Thesis: The development of a model of auditory-limbic interactions and the influence of limbic areas on tinnitus generation.
Tinnitus is a phantom perception of sound that can often be debilitating. Research has shown tinnitus to be frequently associated with noise-induced hearing loss (NIHL) and the development of abnormal neural activity along the auditory pathway. However, abnormal neural activity does not always lead to the development of tinnitus. This has lead researchers to consider non-auditory brain regions which may act as a "switch" to control whether the abnormal neural activity which develops after NIHL is bought to a conscious tinnitus perception. Recently, there has been a growing amount of human evidence for brain areas associated with stress (limbic areas) to be altered in tinnitus.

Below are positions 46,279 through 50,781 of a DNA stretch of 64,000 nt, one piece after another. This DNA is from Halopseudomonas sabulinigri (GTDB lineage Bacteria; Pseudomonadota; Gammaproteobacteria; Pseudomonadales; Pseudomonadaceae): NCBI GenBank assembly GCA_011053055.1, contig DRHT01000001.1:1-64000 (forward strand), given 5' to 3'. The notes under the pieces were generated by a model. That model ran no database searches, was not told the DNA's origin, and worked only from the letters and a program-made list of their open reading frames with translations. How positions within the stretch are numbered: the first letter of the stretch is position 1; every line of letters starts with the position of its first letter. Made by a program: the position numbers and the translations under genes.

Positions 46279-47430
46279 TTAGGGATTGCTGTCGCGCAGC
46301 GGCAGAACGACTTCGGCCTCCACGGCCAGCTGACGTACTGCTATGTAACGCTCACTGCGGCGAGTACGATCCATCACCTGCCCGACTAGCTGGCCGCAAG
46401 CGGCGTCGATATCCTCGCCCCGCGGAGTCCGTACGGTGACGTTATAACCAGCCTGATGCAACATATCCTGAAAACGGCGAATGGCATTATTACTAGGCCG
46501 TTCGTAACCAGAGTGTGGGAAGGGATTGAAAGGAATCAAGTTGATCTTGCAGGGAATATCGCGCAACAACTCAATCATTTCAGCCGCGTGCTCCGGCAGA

Why my research is important
The present study aims to explore the nature of limbic-auditory interactions and investigate the viability of these interactions to act as a therapeutic target for tinnitus treatment.